When you look at Jesus’ own 40 days spent in the wilderness fasting, it reveals how fasting can help us be victorious over the enemy’s attacks. Fasting may have weakened His body, but it strengthened His confidence and resolve. His example shows us how fasting empowers and equips us to be overcomers.

Fasting to Overcome Mental Attacks

The mind is a battlefield, and our adversary Satan loves to confront us in this area. Fasting is part of God’s plan to help us defeat the enemy’s attack. Every word of negative self-talk you have ever spoken to yourself was birthed out of this war zone.

Second Corinthians 10:4 tells us the weapons of our warfare are not of the flesh, but have divine power to destroy strongholds. We cannot fight with weapons we do not understand how to use. Fasting shows us how His strength is made perfect in weakness. It calls us to draw near to God so we can learn how perfect love can cast out fear. It welcomes us to leave anxiety behind as we bring our prayers and petitions to God.

Fasting to Overcome Food Addictions

Self-denial is uncomfortable. Our bodies, emotions, and taste buds tend to crave instant satisfaction. Commiting to a fast goes 100 percent against the grain. You may even come to a point where you

can almost hear every part of you demanding you give in to whatever you have decided to avoid for your fast. It’s in those moments you realize how completely dependent you are upon the Lord’s strength to overcome addictive eating patterns. The comfort foods we consume were never meant to replace the comfort of time in God’s presence. Fasting refocuses our craving back to the place of our primary longing.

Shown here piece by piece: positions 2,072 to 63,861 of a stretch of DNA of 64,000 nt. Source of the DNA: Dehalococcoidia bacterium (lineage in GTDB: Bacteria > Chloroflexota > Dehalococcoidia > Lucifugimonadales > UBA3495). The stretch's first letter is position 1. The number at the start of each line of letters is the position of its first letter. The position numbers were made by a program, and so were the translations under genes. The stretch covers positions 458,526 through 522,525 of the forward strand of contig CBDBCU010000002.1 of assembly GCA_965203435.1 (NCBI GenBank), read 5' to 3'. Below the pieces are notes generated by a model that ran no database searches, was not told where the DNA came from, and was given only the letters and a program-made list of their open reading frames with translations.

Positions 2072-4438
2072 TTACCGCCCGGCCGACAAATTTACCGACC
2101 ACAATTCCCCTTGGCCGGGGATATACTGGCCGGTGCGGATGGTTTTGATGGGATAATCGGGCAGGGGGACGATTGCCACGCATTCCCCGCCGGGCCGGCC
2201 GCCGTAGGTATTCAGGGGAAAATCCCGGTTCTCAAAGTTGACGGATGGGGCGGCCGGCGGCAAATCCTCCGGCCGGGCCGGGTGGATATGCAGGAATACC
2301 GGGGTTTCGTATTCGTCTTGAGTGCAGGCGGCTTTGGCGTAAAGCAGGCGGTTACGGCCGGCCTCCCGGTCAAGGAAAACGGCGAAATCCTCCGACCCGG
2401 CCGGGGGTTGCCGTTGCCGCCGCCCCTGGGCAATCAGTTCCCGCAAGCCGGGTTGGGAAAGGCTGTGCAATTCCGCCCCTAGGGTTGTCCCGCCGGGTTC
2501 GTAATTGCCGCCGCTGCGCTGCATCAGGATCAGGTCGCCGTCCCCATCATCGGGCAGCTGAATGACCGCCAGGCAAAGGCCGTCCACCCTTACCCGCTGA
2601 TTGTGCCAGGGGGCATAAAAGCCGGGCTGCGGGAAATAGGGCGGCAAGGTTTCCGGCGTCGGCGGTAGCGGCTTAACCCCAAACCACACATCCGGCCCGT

Fasting to Overcome Spiritual Apathy

Life can be lived focused on God or oblivious to His presence. Believers are not immune to the spiritual apathy that can creep in over time. Regular times of fasting will help keep you aware of God as you experience His creation. It allows you to experience a greater sense of God’s presence in your day-today life. By replacing the time you would normally spend on personal activity with meditating on the truth of God’s Word, you will be armed with all you need to apply His promises to your life.

Fasting to Overcome Illness

The body is designed with its own internal repair system. Unfortunately, the processed and refined foods which make up the typical American diet slows down the body’s ability to heal properly. Fasting causes the internal systems of the body to slow down which allows for more through absorption of nutrients from the healthier foods consumed and detoxification from the chemical and preservatives in those processed foods. When your liver, digestive system and kidneys are all properly eliminating harmful products from your body, the result is a more youthful appearing, peaceful and well rested you.

Don’t waste another New Year making resolutions you will feel powerless to keep. This year set aside a specific amount of time to seek God, deny physical cravings and allow Him to fill you to overflowing.

“Blessed are those who hunger and thirst for righteousness, for they will be filled” (Matthew 5:6). LH